Some characters are so bizarre, improbable, or flat-out impossible that you have to wonder how their creators ever came up with them. In a surprising amount of cases, the answer is that they didn't: They just copied a real person and called it a day. Like ...
#8. Kramer (Seinfeld)
Cosmo Kramer was the most far-fetched character in a show that included a woman who died after licking too many wedding invitations and a guy who talked like Jerry Seinfeld and had sex with a different woman every week. For the entire duration of the series, Kramer never had a real job and was always trying to make money from his ridiculous schemes -- like that time he rented a bus and charged people $37.50 to take them on a "reality tour" of his life. Who the hell would do that?
The Real-Life Inspiration: Kenny Kramer
Meet Kenny Kramer, the real-life former neighbor of Seinfeld co-creator Larry David who does exactly what we just described, right down to the price of the tour. Like Cosmo, Kenny enjoys cigars, golf, and, more importantly, trying to make money in ridiculous ways. In his case, this actually worked: During the disco years, Kenny came up with electronic jewelry that sold like hotcakes, allowing him to live a life of leisure.
In a Season 5 episode, Cosmo wants to play himself on the show-within-the-show, but Jerry says no. That actually happened with Kenny and David, who didn't even let him play the guy who plays Kramer playing Kramer on Seinfeld.
This is getting rather Inception-y.
Eventually, Kenny figured out how to profit from his connection to the show anyway thanks to his reality tour, which apparently is going way better than Michael Richards' career.
#7. Jeffrey "The Dude" Lebowski (The Big Lebowski)
Brian Solis/Polygram Filmed Entertainment
Did you know there's a whole movie made out of The Big Lebowski quotes? It's called The Big Lebowski, and it's about a laid-back slacker known as the Dude who finds himself involved in a complex kidnapping case but spends most of the movie bowling, drinking White Russians, and talking about his carpet. The Dude's relaxed attitude has inspired a philosophical movement called Dudeism and a yearly festival, Lebowski Fest.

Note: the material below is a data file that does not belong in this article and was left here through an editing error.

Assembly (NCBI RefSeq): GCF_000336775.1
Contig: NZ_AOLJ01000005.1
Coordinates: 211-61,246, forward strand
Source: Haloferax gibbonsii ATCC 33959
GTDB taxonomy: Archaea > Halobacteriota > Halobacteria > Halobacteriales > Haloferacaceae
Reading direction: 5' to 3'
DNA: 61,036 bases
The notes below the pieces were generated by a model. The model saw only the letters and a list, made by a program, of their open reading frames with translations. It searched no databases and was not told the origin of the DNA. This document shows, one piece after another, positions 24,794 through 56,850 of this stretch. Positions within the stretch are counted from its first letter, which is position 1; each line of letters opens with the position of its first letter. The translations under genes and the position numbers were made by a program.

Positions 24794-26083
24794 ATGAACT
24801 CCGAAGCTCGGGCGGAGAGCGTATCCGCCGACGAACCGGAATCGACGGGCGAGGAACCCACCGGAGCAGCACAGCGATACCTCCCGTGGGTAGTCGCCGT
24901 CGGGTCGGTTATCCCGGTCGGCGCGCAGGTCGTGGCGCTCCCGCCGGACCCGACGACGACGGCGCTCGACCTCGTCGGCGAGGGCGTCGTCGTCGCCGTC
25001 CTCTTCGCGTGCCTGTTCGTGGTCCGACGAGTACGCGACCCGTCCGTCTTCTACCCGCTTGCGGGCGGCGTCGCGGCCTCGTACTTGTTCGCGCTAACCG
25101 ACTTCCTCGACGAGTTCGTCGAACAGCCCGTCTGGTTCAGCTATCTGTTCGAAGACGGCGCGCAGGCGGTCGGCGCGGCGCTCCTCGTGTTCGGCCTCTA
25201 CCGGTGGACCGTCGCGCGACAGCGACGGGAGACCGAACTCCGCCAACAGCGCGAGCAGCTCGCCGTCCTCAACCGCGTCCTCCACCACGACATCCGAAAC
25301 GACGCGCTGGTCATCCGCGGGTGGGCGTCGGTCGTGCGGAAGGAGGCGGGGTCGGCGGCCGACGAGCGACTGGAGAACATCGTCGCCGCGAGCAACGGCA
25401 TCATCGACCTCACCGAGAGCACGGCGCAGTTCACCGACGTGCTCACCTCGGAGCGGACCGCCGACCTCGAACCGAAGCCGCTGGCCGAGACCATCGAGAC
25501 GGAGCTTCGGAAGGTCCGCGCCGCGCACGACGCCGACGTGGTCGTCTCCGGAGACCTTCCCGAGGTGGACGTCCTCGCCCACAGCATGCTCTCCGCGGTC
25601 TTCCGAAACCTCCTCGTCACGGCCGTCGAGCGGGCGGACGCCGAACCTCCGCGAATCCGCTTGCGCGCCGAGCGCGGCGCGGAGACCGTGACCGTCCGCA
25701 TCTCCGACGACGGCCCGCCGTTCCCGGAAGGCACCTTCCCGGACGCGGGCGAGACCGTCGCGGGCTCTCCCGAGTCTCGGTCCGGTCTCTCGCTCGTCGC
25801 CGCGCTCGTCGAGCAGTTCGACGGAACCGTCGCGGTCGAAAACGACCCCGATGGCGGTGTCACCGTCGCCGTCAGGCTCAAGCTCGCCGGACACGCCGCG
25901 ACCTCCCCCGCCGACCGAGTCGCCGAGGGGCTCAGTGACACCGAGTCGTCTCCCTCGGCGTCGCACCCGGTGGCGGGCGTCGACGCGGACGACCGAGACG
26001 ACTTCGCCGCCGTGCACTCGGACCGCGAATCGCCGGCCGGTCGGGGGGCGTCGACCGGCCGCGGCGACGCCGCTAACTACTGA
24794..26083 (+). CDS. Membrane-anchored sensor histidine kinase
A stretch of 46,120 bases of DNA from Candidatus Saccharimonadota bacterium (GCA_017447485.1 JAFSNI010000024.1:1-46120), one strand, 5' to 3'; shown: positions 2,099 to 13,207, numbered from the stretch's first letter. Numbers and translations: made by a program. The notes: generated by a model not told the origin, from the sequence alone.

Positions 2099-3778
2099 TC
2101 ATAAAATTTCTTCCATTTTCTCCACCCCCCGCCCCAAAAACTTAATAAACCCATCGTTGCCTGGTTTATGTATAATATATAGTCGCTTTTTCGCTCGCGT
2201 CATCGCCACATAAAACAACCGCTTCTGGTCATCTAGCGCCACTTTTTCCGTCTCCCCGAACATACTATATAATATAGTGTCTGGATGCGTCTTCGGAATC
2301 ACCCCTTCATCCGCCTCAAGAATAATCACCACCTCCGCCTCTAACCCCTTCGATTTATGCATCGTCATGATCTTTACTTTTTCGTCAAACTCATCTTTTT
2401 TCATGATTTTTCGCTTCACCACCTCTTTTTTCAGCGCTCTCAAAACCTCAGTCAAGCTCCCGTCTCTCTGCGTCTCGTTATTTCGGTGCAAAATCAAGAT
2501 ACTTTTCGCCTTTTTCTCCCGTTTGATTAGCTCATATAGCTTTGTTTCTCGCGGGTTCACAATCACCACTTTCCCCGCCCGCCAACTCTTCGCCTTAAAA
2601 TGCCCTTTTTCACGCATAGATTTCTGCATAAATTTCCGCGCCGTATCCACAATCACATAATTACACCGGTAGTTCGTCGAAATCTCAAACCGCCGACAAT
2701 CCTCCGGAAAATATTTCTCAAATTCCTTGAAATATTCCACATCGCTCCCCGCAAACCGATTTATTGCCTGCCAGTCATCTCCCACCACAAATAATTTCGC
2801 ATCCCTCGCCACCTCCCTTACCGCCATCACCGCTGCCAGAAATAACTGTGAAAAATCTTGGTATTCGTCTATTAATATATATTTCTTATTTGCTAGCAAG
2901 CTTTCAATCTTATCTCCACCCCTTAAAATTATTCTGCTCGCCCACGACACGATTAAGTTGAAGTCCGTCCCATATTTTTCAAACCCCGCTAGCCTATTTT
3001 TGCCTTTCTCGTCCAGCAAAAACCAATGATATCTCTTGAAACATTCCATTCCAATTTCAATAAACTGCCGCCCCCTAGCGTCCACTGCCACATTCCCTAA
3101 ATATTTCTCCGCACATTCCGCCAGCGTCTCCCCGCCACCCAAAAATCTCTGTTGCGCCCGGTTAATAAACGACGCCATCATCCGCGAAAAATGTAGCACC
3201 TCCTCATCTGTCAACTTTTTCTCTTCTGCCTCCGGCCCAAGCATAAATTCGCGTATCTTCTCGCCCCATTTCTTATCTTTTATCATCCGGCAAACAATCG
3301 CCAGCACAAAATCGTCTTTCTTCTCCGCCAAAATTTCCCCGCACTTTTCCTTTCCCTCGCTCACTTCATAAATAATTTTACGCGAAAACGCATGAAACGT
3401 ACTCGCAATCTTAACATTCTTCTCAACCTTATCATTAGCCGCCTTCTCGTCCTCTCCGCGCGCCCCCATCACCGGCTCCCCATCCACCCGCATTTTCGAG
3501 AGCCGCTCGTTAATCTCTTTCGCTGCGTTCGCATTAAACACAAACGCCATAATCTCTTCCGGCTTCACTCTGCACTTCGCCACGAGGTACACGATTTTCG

The Real-Life Inspiration: Jeff Dowd
The Coen brothers have a habit of putting real people in their movies, then being hailed as geniuses for creating them. The Dude, for example, is inspired by their friend Jeff Dowd, and by "inspired" we mean "it's the same guy." The main difference is that Dowd actually has a job (he's a film producer), but the Dude's personality, drink of choice, nickname, and even biography (some parts, anyway) are all borrowed from Dowd. In the movie, the Dude mentions that he was a member of the Seattle Seven, a group of political activists who were arrested in 1970 -- in real life, that was Dowd.
He's the hippie with the curly hair.
Meanwhile, some of the Dude's misadventures were based on anecdotes told to the Coens by fellow screenwriter Peter Exline, who once had his car stolen and found a teenager's homework inside when it was recovered. Exline and a friend tracked down the teenager and interrogated him in his living room, where his sick father (a Hollywood veteran) lived in a hospital bed. That whole story appears pretty much verbatim in the film.